Panton Hill 3759

Panton Hill is a mainly rural locality 32 km. north-east of Central Melbourne. It was named after Joseph Anderson Panton, Commissioner for the Anderson's Creek and other goldfields and later magistrate at Heidelberg. During time off from his magisterial duties he mapped the Yarra Valley (approx. 1862). In so doing he named Panton Hill, which had previously been Kingstown, a name shared with other places and a cause of some confusion.

Panton Hill was established as a goldfield in 1859 in the area generally called the Caledonia Diggings (1855). Its northern neighbour, Queenstown, is now St. Andrews. By the end of the 1860s the goldfield became less profitable and miners turned to farming. Several introduced viticulture and orchards to Panton Hill. A primary school was opened in 1865, and by 1880 there were two hotels and a Church of England. A mechanics' institute was opened in 1901. The railway extension from Heidelberg to Hurstbridge in 1912 provided quicker access for fruit-growers to the Melbourne markets.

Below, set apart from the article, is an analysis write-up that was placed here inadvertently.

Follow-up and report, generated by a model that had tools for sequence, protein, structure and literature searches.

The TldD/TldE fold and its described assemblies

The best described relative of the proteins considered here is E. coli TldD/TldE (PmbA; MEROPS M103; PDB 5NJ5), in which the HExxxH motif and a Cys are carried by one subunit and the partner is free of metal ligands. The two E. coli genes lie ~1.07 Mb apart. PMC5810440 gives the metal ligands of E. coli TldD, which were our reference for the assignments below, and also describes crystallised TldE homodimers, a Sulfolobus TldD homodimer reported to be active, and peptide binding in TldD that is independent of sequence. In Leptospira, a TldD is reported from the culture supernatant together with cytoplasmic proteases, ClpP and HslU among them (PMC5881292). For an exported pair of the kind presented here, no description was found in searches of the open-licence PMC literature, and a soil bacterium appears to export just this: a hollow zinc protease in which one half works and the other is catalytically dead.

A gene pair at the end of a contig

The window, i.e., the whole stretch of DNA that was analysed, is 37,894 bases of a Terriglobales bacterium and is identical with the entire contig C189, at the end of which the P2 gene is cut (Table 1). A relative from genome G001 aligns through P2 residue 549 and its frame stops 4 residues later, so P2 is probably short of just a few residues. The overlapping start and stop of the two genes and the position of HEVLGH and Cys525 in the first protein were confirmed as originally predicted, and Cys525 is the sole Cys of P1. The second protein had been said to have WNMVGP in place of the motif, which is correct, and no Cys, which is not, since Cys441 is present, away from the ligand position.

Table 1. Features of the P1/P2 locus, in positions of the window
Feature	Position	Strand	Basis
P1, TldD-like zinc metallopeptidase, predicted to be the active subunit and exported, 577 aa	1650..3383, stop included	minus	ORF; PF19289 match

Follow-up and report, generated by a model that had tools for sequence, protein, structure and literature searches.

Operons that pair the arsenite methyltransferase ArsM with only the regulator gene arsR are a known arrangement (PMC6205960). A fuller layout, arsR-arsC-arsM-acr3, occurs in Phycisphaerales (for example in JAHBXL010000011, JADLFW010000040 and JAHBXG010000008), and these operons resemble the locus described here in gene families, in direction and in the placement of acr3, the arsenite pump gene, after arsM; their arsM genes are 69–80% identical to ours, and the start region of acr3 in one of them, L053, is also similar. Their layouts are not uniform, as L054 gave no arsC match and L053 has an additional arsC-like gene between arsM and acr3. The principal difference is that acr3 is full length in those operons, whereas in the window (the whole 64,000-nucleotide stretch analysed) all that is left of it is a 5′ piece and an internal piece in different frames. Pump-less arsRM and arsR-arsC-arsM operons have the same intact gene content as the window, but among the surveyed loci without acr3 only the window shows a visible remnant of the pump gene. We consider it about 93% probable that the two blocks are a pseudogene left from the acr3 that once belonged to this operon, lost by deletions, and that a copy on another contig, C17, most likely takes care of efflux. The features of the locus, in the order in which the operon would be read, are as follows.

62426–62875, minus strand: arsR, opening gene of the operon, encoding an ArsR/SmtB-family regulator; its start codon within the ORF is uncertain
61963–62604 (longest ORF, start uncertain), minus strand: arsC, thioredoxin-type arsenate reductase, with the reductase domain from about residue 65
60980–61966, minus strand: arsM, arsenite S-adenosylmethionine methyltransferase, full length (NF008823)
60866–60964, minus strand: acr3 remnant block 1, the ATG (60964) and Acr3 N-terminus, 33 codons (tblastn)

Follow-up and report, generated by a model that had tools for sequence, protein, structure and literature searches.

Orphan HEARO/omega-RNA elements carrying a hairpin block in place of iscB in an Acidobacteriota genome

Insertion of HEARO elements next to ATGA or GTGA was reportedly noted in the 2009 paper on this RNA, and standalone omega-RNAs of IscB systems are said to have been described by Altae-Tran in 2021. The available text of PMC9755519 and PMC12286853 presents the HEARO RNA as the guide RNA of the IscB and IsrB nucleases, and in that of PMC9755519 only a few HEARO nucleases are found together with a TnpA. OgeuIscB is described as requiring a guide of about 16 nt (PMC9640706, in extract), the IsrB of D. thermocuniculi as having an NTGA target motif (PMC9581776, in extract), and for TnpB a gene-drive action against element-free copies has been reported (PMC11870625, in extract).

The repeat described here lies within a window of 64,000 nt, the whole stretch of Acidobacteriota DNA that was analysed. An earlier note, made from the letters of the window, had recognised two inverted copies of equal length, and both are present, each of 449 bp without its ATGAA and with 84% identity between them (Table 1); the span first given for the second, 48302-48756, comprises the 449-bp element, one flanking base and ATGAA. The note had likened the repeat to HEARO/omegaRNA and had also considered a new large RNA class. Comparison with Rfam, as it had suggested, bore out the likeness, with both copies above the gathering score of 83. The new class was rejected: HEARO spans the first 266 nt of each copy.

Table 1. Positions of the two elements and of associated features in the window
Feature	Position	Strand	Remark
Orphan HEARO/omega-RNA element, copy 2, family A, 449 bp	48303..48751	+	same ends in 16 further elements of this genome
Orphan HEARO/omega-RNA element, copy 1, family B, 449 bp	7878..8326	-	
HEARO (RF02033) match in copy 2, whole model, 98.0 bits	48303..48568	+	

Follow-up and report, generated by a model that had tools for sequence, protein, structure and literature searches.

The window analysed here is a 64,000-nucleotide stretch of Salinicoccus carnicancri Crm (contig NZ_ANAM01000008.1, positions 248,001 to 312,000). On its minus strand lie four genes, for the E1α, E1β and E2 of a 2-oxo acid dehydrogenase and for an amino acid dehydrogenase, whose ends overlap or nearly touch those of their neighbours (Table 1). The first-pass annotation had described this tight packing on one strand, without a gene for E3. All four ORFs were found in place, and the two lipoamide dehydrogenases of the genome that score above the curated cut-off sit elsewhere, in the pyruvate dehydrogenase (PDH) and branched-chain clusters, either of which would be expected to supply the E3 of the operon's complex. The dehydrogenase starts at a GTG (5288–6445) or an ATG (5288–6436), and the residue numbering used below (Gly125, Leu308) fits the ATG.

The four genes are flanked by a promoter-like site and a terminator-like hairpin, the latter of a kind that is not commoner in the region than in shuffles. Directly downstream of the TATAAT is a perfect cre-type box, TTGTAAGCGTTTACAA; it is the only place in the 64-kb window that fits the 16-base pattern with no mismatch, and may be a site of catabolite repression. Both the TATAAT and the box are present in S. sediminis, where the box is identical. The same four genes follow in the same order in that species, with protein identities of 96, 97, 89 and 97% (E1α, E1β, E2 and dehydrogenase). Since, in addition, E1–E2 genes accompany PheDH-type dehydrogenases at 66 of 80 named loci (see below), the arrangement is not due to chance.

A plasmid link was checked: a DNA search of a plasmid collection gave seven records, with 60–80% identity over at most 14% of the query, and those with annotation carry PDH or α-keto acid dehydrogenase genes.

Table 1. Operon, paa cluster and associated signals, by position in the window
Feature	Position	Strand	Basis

For most of the present century Panton Hill's population has been around 300, indicating a steady rural economy. The present township includes a general store, primary school and infant welfare centre, hotel, Church reserves and a fire station. The voluntary fire brigade is a significant community organisation.

Panton Hill's census populations have been 267 (1911), 337 (1947) and 309 (1991).



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